The Los Angeles Times has an interesting piece today on the extent to which immigration and border security has become an issue at the state level politically:
Frustrated by congressional inaction and pushed by rising anger at home, legislatures across the country are debating a variety of tough new restrictions on illegal immigrants.
For years, states deferred to the federal government on immigration matters, but as illegal immigrants have spread throughout the country and Congress has been unable to pass an immigration reform bill, that has changed.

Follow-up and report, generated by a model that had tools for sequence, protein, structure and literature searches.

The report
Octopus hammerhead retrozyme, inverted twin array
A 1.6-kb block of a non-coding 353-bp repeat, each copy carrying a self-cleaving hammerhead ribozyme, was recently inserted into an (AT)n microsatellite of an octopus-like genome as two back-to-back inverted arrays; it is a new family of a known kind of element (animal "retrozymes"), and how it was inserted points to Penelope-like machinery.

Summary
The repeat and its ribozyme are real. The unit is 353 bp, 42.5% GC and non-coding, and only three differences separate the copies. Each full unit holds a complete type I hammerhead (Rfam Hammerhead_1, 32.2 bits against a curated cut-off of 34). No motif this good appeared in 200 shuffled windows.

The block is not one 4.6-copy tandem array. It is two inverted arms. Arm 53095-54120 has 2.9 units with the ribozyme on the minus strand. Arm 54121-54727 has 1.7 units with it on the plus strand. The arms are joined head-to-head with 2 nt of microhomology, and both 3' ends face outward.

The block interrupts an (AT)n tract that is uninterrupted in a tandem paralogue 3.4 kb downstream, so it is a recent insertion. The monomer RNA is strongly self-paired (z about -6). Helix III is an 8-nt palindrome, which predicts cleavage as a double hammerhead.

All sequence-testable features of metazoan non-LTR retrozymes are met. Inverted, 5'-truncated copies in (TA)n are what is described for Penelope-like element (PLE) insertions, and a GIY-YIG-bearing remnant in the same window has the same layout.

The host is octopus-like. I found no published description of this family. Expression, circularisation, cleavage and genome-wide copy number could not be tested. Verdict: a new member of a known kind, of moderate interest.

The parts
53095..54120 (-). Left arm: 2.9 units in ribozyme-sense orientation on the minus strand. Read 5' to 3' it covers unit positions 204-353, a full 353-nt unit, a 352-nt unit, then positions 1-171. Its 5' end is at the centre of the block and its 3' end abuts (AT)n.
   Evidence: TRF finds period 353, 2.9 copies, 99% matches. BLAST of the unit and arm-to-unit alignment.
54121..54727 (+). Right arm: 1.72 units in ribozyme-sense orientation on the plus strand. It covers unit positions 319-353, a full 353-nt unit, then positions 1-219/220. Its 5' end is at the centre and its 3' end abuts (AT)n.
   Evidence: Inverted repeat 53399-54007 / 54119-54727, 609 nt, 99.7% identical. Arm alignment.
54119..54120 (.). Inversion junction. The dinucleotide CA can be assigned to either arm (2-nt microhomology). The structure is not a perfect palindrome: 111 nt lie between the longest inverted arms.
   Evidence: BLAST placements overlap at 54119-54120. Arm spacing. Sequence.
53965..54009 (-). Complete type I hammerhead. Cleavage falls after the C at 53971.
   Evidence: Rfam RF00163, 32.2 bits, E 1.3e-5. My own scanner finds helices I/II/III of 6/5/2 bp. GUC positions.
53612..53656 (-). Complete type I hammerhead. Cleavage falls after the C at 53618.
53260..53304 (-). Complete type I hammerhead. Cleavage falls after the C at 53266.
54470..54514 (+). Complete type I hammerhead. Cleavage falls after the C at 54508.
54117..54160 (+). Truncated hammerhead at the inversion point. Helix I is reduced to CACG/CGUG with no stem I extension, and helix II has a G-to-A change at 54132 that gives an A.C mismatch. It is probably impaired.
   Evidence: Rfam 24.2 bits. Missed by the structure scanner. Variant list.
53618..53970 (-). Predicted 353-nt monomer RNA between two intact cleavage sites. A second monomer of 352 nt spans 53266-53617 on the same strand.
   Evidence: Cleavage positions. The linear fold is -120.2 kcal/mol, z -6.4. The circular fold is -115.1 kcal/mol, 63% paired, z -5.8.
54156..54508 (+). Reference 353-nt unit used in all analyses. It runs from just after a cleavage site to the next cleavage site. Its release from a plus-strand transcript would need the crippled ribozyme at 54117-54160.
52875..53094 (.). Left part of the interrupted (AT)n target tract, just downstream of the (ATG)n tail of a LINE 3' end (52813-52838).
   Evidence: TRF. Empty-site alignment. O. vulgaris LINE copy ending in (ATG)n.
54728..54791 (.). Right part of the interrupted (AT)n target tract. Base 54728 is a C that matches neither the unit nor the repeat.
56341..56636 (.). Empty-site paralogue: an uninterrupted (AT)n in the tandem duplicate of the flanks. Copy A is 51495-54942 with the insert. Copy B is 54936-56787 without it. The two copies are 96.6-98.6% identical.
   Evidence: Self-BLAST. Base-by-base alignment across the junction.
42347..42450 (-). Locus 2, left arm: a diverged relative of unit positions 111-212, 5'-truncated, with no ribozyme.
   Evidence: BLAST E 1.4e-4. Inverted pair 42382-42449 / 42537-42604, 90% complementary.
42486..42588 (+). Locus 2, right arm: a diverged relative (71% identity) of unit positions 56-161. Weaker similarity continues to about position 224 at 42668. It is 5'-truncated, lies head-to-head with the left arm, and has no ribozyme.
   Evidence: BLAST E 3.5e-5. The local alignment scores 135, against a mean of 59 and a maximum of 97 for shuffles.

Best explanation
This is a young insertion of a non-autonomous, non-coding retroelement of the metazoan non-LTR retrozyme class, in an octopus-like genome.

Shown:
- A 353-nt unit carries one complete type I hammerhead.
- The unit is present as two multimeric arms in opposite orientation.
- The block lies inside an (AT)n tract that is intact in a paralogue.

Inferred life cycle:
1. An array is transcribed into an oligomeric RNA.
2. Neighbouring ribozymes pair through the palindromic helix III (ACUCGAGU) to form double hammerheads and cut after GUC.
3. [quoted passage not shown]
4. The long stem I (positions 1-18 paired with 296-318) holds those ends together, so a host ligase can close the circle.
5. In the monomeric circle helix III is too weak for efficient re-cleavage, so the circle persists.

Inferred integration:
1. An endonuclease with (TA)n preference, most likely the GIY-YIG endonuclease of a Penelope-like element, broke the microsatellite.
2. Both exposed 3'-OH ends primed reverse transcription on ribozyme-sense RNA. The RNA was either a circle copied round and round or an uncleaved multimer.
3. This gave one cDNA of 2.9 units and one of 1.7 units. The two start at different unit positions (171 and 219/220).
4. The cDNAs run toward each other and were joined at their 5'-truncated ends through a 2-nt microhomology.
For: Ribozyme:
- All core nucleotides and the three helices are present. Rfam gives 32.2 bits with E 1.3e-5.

In the first six months of last year, states considered about 300 immigration-related bills and passed 36 of them, the National Conference of State Legislatures said.
The long-term impact of this wave of legislation is unclear. I would not be surprised if many of these laws are struck down by federal courts, in light of the fact that immigration is inherently a federal responsibility. And no one should think that these state laws are anything other than a short-term fix, filling a vacuum left by federal inaction. If Congress passes a border security bill that strengthens immigration enforcement and provides clear legal pathways to work (i.e. a guest worker program), then I would expect to see this state-level trend weaken.